Out of sight – out of mind

December 12, 2013

An estimated 10,000 shipping containers are lost over the side of cargo ships during rough weather each year. What happens to them? Some float for awhile and land on beaches, or break up and release their contents—a huge batch of Nike shoes washed up on northeastern Pacific beaches years ago. On a very rough, stormy day in February 2004, 15 containers fell from the Med-Taipae cargo ship into the waters of the Monterey Bay National Marine Sanctuary. The fate of 14 containers remains unknown, but one was found on an MBARI ROV dive just a few months later. This particular container had sunk to 1,281 meter depth on the continental slope about 20 miles west of Moss Landing. There was lots of speculation concerning what was inside—the leading rumor had it filled with expensive wine. In the end, it turns out to have 1,159 steel-belted Michelin tires. These tires are not likely to see a car anytime soon.

The Monterey Bay National Marine Sanctuary (MBNMS) received compensation from the shipping company, and some of the funds are supporting MBARI and MBNMS research concerning what impacts the container might have on the seafloor biological communities. Today, we dove on the container—our last visit was in 2011—to continue studying its effects.

Conditions were perfect today. The winds were just as forecast—less than five miles per hour, and seas were flat calm. It doesn’t really feel like we are on a ship. The ship, ROV Doc Ricketts, and crew worked flawlessly and we were able to accomplish all of our goals without any problems.

Our plan was to collect video observations of the container, including any and all of the organisms that have colonized it since our last visit; video observations of the seafloor fauna up to 500 meters away; and, collect sediment samples near and distant from the container, for various purposes, including toxicology.


Colonizers on the container include crabs and deep sea snails.

When the ROV approached the container, we realized that the splendid conditions on the sea surface were not really the same at the bottom. A strong current was running over the bottom, making it difficult for the ROV to maneuver near the container, and stirring up quite a bit of sediment, reducing visibility somewhat. The pilots quickly adjusted to these conditions, and we were able to work efficiently. The trick is to not touch the bottom with the ROV until you must. Once you touch down, mud sticks to the bottom of the ROV and when it flies back up above the bottom, the mud slowly washes off, clouding the water for several minutes.

Once conditions cleared up, we asked the pilots to “fly” the ROV slowly around and over the container, allowing us to capture some great video—images from the video are shown in this log. We then “flew” all of the video transects necessary to determine if the distribution and abundance of seafloor animals has changed since our last visit. Our first objective was completed. Turning the video records to real data will take weeks of work in the lab to sort through all of this video and count all the animals.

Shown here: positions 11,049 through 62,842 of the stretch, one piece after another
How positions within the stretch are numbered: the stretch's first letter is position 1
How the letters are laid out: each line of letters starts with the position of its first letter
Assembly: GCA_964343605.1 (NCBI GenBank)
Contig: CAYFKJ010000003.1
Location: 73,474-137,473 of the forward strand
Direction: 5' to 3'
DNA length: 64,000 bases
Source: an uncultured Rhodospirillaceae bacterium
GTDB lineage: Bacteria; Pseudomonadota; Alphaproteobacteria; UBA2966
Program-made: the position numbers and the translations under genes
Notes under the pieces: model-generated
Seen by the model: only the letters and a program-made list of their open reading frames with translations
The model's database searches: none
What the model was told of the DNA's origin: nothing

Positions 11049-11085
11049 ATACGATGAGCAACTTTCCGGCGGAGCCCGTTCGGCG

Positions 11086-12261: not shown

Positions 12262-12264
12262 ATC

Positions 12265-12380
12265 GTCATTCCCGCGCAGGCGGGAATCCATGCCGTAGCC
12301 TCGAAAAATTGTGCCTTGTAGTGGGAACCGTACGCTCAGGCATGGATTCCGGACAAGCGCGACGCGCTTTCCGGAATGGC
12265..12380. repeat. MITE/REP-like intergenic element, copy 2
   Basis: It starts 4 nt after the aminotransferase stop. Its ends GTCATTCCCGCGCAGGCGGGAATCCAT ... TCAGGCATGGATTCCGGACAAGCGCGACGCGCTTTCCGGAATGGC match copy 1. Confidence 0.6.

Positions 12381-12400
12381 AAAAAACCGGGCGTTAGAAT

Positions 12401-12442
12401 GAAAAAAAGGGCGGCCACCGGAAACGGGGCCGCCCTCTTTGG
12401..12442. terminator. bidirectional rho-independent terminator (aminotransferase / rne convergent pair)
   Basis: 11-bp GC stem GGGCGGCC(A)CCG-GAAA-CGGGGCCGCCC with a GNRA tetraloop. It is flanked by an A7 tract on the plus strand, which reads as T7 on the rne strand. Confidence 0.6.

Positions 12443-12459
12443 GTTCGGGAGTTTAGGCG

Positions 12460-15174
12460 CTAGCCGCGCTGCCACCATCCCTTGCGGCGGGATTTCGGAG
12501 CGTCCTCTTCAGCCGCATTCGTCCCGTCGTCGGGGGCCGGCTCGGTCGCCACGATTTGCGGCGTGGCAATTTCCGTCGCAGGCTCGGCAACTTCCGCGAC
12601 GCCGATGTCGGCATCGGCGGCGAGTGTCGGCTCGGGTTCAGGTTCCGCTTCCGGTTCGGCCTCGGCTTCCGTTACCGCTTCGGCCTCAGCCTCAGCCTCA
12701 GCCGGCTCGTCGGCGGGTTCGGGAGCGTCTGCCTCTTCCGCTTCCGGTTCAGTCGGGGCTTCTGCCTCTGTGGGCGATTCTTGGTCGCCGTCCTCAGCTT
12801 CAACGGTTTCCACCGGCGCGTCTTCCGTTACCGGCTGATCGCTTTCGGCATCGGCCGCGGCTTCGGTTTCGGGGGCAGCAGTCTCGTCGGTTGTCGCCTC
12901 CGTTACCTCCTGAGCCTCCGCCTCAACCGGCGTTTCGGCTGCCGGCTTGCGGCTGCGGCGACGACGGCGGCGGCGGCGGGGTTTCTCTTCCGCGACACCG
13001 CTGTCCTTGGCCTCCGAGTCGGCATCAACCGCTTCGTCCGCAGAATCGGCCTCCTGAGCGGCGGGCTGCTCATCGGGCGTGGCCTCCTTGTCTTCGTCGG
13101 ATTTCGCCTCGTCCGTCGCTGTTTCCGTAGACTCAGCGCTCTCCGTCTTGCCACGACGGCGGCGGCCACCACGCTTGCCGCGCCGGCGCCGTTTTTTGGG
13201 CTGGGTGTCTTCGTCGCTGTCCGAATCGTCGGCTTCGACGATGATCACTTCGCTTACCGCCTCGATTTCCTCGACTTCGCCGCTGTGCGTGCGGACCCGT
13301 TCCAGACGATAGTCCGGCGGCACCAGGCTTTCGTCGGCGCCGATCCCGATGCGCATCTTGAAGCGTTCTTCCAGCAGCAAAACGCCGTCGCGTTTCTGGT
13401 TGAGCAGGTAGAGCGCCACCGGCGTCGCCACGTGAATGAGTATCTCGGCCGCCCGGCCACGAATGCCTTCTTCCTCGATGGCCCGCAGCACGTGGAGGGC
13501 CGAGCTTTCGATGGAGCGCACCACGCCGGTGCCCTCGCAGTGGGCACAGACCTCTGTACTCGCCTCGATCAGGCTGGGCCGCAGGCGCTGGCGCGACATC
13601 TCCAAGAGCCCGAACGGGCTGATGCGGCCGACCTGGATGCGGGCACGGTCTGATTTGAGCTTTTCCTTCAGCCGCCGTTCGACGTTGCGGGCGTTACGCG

We were amazed at the abundance and diversity of animals that have settled on the container. Worms, snails, crabs, scallops, hydroids, sponges, tunicates, nudibranchs, shrimp, medusa, anemones, sea stars, amphipods (sea fleas), bacterial mats, and many others cover some areas of the container.

Animal life has increased since our last visit in 2011. This close-up video image shows grey tunicates, flower-like medusa, and white tubeworms, among other animals.

Animal life has increased since our last visit in 2011. This close-up video image shows grey tunicates, flower-like medusa, and white tubeworms, among other animals.

Sediment cores were also collected efficiently. We had to make a trip up to the surface to swap out the cores we’d used with a new set of 30, so that we could collect all that we needed from around the container. This exchange took about two hours, and happily coincided with lunch, giving most of us a short rest.

Processing the sediment cores at the surface was pretty quick. We had lots of help with everyone pitching in and within a couple hours, we were finished. The majority of the cores will be used to measure the distribution of trace metals near and distant from the container. Are trace metals leaching from the container? And if so, how widely is it distributed? We hope to answer those questions from the samples collected today.


The robotic arm of the ROV collects a sediment core sample near the base of the container while a large crab supervises.

It seems pretty obvious that this one container could have only localized effects on the seafloor ecosystem. It is marine trash, and is not something we want to see on the seabed, but we cannot conclude that it is anything more than a minor blemish in the immediate vicinity. But what about the 10,000 containers lost yearly, each that may persist for decades or centuries? If this is indeed accurate, then these containers are accumulating on the bottom of the ocean, leaving a far larger area of impact. They may be out of sight, but they shouldn’t be ignored. Marine debris is an increasing problem that can be solved quite easily with a modest increase in effort to avoid such losses.

Tomorrow, we return to the urchin studies described in yesterday’s blog. Thanks for reading.

— Jim Barry